Post-Political Regulation: Soft Power and Post-Political Visions in Global Governance

Christina Garsten, Kerstin Jacobsson

Research output: Contribution to journalJournal articleResearchpeer-review

Abstract

The debate on global governance points to shifts in the type and nature of regulation as well as in the set of actors involved. The article introduces a novel way of conceptualizing the changes, namely a move towards post-political forms of regulation (see also Garsten and Jacobsson, 2007). Drawing on Chantal Mouffe’s notion of ‘the post-political vision’, the article argues that many contemporary forms of regulation are premised on consensual relationships as the basis for regulatory activity. These regulatory practices tend to narrow down the conflictual space, thereby exerting a form of soft power. Moreover, in the post-political forms of regulation, unequal power relations tend to be rendered invisible. The empirical cases discussed are voluntary regulatory arrangements, more specifically the Open Method of Coordination of the EU (OMC) and CSR (Corporate Social Responsibility) initiatives.
Original languageEnglish
JournalCritical Sociology
Volume39
Issue number3
Pages (from-to)421-437
ISSN0896-9205
DOIs
Publication statusPublished - 2013
Externally publishedYes

Cite this

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Post-Political Regulation : Soft Power and Post-Political Visions in Global Governance. / Garsten, Christina; Jacobsson, Kerstin .

In: Critical Sociology, Vol. 39, No. 3, 2013, p. 421-437.

Research output: Contribution to journalJournal articleResearchpeer-review

TY - JOUR

T1 - Post-Political Regulation

T2 - Soft Power and Post-Political Visions in Global Governance

AU - Garsten, Christina

AU - Jacobsson, Kerstin

PY - 2013

Y1 - 2013

N2 - The debate on global governance points to shifts in the type and nature of regulation as well as in the set of actors involved. The article introduces a novel way of conceptualizing the changes, namely a move towards post-political forms of regulation (see also Garsten and Jacobsson, 2007). Drawing on Chantal Mouffe’s notion of ‘the post-political vision’, the article argues that many contemporary forms of regulation are premised on consensual relationships as the basis for regulatory activity. These regulatory practices tend to narrow down the conflictual space, thereby exerting a form of soft power. Moreover, in the post-political forms of regulation, unequal power relations tend to be rendered invisible. The empirical cases discussed are voluntary regulatory arrangements, more specifically the Open Method of Coordination of the EU (OMC) and CSR (Corporate Social Responsibility) initiatives.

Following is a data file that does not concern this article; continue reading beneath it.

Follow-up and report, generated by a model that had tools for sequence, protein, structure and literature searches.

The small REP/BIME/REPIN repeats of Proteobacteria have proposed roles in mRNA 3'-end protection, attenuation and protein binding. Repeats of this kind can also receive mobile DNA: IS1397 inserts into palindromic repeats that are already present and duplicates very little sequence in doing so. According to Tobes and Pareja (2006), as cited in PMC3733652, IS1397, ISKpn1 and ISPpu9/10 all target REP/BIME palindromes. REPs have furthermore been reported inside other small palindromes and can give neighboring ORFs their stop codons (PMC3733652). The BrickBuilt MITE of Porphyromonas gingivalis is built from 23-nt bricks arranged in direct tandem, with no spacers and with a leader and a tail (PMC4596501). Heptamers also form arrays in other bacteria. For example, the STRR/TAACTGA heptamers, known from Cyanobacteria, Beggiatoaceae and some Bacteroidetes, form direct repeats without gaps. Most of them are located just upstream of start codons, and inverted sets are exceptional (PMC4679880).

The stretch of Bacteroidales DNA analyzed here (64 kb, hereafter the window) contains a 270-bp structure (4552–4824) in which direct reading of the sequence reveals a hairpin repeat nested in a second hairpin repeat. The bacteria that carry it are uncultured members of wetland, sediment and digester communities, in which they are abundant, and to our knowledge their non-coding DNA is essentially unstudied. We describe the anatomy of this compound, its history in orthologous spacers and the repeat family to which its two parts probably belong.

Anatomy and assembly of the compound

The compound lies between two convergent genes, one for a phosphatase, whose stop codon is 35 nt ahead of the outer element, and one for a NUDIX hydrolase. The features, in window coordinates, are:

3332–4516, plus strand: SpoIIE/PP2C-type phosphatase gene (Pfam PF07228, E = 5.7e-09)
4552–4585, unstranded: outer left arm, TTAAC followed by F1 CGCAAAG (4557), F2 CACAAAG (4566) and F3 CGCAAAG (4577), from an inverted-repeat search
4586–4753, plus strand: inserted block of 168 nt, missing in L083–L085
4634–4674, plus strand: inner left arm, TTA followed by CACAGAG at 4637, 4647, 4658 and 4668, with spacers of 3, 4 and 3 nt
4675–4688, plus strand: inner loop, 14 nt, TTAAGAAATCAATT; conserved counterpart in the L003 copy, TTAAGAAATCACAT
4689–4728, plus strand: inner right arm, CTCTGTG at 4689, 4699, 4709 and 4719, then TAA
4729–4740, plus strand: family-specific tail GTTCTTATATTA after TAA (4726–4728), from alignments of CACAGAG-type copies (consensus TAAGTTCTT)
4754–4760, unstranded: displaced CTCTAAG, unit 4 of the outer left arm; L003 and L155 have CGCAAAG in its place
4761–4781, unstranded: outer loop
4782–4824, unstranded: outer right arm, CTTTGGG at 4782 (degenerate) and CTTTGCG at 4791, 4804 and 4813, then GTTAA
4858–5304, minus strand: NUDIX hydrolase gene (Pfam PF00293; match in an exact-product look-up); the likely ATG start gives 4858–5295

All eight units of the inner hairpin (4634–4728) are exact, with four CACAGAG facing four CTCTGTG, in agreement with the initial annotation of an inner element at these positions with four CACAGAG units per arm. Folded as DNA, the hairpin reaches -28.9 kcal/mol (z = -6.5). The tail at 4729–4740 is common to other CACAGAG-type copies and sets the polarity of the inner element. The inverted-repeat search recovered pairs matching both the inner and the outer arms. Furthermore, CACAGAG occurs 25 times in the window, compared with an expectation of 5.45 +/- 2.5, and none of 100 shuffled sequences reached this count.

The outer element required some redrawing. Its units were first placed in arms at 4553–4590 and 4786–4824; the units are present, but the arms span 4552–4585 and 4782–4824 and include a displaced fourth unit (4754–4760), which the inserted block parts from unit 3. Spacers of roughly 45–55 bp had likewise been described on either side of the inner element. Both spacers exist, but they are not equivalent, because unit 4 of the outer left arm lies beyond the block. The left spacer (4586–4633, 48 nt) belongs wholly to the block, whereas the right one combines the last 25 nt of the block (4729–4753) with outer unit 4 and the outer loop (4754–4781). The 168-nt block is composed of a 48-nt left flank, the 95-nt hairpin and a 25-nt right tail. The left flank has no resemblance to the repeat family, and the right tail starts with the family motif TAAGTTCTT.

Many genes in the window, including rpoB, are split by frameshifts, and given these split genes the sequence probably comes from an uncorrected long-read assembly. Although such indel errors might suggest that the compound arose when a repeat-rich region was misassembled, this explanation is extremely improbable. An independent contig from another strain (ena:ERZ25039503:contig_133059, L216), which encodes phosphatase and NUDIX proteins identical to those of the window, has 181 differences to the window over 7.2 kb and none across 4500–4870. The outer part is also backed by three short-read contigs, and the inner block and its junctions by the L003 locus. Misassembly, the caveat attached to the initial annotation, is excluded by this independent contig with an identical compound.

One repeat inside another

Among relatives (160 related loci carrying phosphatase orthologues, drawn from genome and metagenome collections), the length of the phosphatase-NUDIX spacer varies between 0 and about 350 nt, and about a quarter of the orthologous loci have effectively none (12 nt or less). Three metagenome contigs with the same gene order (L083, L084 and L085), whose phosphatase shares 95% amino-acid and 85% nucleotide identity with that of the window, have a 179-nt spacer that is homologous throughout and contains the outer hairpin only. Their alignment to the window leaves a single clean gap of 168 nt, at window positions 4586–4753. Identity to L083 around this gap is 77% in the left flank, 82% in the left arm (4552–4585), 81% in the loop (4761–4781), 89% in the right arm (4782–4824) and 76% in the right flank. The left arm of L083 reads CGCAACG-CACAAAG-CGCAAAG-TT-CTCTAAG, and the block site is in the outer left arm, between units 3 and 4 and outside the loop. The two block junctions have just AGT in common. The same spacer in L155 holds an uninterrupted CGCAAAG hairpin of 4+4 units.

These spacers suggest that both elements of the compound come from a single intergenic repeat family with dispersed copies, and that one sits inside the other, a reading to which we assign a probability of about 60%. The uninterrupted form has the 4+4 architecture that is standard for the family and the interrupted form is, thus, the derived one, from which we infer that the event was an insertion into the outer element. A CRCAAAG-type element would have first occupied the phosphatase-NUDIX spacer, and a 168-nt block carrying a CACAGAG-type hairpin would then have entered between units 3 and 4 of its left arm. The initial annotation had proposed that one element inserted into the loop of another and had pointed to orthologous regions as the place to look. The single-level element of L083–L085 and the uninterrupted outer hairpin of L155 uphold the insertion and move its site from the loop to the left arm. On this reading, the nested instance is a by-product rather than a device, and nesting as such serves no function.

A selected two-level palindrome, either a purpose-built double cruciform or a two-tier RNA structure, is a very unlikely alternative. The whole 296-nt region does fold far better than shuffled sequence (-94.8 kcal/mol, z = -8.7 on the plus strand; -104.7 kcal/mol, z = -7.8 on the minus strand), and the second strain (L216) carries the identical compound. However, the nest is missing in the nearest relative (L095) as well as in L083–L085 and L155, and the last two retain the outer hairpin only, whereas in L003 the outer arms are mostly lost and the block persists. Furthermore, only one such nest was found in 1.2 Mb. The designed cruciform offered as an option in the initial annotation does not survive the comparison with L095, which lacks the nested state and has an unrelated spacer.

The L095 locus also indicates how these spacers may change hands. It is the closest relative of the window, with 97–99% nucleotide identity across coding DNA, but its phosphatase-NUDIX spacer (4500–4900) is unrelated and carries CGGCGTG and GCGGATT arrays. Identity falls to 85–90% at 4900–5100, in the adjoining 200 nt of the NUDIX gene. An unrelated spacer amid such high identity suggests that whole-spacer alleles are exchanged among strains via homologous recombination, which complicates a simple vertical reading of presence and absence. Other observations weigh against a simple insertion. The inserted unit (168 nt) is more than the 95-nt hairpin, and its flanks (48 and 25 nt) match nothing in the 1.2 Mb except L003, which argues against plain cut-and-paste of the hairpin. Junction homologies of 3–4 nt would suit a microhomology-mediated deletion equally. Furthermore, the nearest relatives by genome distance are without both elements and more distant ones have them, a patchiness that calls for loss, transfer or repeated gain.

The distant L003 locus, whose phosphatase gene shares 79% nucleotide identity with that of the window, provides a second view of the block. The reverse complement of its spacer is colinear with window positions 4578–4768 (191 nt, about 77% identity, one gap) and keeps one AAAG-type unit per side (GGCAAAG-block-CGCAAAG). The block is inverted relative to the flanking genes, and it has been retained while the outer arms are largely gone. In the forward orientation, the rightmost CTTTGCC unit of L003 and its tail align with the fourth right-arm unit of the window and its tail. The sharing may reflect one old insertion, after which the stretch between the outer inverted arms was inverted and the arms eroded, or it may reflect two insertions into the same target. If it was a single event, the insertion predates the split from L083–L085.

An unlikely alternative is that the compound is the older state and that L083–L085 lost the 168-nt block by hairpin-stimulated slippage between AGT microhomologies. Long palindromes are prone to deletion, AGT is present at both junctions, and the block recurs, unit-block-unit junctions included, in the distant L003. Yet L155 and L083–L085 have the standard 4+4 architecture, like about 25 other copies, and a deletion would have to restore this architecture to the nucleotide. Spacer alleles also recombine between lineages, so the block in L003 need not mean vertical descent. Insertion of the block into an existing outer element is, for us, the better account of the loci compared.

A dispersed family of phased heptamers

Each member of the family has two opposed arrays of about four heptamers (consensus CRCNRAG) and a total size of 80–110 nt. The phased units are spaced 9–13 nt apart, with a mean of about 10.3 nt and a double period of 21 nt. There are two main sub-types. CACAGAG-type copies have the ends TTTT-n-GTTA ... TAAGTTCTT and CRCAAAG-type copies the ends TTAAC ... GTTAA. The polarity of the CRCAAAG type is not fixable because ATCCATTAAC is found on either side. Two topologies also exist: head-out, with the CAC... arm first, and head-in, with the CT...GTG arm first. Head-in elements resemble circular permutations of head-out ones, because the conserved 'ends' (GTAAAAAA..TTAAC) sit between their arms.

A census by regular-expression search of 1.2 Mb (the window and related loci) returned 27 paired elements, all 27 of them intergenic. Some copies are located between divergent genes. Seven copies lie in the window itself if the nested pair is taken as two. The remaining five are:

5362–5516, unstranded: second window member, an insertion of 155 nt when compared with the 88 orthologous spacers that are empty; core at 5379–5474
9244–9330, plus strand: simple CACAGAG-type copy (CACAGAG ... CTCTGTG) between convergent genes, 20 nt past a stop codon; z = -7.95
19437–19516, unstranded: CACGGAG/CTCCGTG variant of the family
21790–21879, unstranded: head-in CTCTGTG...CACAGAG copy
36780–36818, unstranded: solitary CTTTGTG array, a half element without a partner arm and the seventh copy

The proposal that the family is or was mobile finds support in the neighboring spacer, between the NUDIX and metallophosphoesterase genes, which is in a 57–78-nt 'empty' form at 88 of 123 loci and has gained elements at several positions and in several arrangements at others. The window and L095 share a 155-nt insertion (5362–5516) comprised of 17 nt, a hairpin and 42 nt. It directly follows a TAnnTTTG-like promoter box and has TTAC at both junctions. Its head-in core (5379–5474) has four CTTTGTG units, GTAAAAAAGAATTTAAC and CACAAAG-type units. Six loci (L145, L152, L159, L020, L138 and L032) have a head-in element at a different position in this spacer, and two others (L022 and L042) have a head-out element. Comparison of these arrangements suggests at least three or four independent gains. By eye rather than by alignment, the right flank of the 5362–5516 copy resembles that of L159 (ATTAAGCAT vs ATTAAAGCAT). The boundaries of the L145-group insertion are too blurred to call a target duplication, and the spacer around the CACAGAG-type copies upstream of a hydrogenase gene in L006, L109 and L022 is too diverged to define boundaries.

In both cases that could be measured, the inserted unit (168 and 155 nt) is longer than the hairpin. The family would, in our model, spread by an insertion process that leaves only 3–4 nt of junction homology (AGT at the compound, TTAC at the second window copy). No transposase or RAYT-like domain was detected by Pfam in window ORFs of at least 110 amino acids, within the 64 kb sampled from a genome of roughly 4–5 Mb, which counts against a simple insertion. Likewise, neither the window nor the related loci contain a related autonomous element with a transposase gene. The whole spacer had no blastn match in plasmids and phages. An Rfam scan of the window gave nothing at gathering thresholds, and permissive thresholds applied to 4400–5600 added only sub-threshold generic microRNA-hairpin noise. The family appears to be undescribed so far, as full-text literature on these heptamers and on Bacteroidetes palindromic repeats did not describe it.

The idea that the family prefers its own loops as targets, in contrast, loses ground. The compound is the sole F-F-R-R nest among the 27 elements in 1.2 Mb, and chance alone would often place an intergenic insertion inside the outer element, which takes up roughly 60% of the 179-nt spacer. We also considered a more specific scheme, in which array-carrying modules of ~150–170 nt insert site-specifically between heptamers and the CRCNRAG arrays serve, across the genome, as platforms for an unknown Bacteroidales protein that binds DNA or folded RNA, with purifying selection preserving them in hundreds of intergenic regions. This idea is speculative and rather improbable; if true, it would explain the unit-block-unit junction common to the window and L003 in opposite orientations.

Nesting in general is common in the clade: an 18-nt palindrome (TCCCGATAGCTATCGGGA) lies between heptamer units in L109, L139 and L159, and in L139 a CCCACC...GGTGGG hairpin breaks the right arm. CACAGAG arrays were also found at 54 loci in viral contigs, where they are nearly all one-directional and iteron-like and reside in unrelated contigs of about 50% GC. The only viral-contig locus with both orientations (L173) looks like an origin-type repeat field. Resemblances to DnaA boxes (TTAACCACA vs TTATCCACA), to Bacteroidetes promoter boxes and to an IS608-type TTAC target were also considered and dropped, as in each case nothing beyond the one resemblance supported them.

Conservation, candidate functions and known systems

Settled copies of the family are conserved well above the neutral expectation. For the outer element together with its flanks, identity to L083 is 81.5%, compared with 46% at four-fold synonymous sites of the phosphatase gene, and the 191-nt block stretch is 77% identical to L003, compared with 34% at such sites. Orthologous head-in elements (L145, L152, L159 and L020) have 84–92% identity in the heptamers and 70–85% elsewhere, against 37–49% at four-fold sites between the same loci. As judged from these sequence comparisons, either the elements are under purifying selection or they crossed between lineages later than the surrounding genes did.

AB - The debate on global governance points to shifts in the type and nature of regulation as well as in the set of actors involved. The article introduces a novel way of conceptualizing the changes, namely a move towards post-political forms of regulation (see also Garsten and Jacobsson, 2007). Drawing on Chantal Mouffe’s notion of ‘the post-political vision’, the article argues that many contemporary forms of regulation are premised on consensual relationships as the basis for regulatory activity. These regulatory practices tend to narrow down the conflictual space, thereby exerting a form of soft power. Moreover, in the post-political forms of regulation, unequal power relations tend to be rendered invisible. The empirical cases discussed are voluntary regulatory arrangements, more specifically the Open Method of Coordination of the EU (OMC) and CSR (Corporate Social Responsibility) initiatives.

KW - Chantal Mouffe

KW - CSR (Corporate Social Responsibility)

KW - Global governance

KW - OMC (Open Method of Coordination)

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KW - Regulation

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